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Cochrane Database Syst Rev. 2010 Jan 20;(1):CD004036. doi: 10.1002/14651858.CD004036.pub3.

Glucocorticosteroids for primary sclerosing cholangitis.

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Department of Gastroenterology, Clinical Hospital Centre Rijeka, Kresimirova 42, Rijeka, Rijeka, Croatia, 51000.



Primary sclerosing cholangitis is a chronic cholestatic disease of intrahepatic and extrahepatic biliary ducts, characterised by chronic periductal inflammation and sclerosis of the ducts, which results in segmental stenoses of bile ducts, cholestasis, fibrosis, and ultimately, liver cirrhosis. Patients with primary sclerosing cholangitis are at higher risk of cholangiocarcinoma as well as of colonic neoplasia, since primary sclerosing cholangitis is associated with inflammatory bowel disease in more than 80% of the patients. Several therapeutic modalities have been proposed for primary sclerosing cholangitis, like ursodeoxycholic acid, glucocorticosteroids, and immunomodulatory agents, but none has been successful in reversing the process of the disease. To date, liver transplantation is the only definite therapeutic solution for patients with advanced primary sclerosing cholangitis with liver cirrhosis.


To assess the beneficial and harmful effects of glucocorticosteroids for patients with primary sclerosing cholangitis.


We searched The Cochrane Hepato-Biliary Group Controlled Trials Register, The Cochrane Central Register of Controlled Trials in The Cochrane Library, MEDLINE, EMBASE, and LILACS from their inception until September 2009, as well as reference lists.


Randomised clinical trials comparing any dose or duration of glucocorticosteroids versus placebo, no intervention, or other immunosuppressive agents. We included trials irrespective of language, blinding, or publication status.


Authors extracted data independently and assessed the methodological quality by the generation of the allocation sequence, allocation concealment, double blinding, follow-up, incomplete outcome data reporting, selective reporting, baseline imbalance, and early stopping. The results of the meta-analyses were presented as relative risks (RR) or mean difference (MD), both with 95% confidence intervals (CI). The primary outcome measures were mortality and liver-related morbidity.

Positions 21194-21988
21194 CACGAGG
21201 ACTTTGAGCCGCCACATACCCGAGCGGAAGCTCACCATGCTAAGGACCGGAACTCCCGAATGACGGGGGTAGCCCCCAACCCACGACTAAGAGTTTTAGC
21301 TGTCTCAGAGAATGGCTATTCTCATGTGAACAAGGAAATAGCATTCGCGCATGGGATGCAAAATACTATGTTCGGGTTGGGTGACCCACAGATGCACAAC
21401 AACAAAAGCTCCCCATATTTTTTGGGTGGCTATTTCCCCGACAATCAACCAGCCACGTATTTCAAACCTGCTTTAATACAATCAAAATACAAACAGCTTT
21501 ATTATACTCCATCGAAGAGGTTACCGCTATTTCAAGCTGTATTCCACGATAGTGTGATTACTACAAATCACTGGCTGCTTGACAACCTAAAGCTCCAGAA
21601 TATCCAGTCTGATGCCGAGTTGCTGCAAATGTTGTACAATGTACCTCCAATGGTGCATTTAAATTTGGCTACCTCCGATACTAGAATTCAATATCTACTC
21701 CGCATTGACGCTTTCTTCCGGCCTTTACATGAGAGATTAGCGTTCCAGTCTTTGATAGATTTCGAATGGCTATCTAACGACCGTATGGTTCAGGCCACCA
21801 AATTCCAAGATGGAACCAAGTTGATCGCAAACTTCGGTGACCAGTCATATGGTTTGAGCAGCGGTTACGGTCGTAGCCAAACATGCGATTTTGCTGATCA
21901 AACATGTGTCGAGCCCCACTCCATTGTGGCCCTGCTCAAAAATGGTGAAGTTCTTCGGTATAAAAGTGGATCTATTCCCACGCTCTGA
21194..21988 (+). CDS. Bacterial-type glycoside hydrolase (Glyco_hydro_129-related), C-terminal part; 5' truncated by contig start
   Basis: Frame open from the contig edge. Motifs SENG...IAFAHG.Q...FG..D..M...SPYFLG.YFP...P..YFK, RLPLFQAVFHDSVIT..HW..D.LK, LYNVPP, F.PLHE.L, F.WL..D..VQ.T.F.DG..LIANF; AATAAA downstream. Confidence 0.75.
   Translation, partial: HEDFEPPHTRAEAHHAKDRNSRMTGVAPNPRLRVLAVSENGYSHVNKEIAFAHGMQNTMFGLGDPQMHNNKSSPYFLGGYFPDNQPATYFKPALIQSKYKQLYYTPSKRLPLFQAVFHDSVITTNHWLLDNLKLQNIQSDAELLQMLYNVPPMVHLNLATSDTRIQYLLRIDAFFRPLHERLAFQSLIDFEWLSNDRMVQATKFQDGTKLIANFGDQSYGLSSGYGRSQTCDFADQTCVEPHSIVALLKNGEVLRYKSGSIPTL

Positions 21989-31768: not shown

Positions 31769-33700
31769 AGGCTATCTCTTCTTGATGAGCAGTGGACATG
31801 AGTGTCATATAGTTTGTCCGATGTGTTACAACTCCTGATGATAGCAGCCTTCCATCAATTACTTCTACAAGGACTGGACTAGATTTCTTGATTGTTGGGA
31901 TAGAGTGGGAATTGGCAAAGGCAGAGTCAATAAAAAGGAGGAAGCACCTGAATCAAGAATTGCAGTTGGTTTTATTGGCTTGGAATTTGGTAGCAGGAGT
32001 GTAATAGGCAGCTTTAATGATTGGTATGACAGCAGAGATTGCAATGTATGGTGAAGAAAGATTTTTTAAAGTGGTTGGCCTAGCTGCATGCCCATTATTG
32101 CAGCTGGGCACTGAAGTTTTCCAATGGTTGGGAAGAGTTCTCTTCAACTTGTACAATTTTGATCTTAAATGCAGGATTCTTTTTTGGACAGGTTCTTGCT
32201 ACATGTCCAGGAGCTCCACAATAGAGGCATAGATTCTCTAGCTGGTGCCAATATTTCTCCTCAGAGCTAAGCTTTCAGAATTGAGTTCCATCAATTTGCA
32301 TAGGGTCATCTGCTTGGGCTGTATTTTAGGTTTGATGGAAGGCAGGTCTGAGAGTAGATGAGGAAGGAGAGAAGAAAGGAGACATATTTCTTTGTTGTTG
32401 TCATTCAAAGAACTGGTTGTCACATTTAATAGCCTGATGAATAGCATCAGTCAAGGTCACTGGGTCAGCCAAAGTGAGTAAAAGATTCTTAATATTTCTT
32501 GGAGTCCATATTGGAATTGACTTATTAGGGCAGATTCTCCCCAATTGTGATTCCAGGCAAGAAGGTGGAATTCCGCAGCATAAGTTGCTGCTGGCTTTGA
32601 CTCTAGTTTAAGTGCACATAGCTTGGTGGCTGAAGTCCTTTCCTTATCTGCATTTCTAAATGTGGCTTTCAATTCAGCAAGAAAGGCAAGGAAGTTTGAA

Two randomised clinical trials were eligible for inclusion. One trial compared biliary lavage with hydrocortisone versus saline in 17 patients. Hydrocortisone tended to increase adverse events (pancreatitis, cholangitis with septicaemia, paranoid ideas, fluid retention) (RR 3.43, 95% CI 0.51 to 22.9) and had no cholangiographic improvement, which led to termination of the trial. The other trial compared budesonide versus prednisone in 18 patients. Patients had statistically significant higher serum bilirubin concentration after treatment with prednisone compared with budesonide (MD 10.4 micromol/litre, 95% CI 1.16 to 19.64 micromol/litre). No other statistically significant effects on clinical or biochemical outcomes were reported on any of the evaluated interventions.


There is no evidence to support or refute peroral glucocorticosteroids for patients with primary sclerosing cholangitis. The intrabiliary application of corticosteroids via nasobiliary tube seems to induce severe adverse effects.

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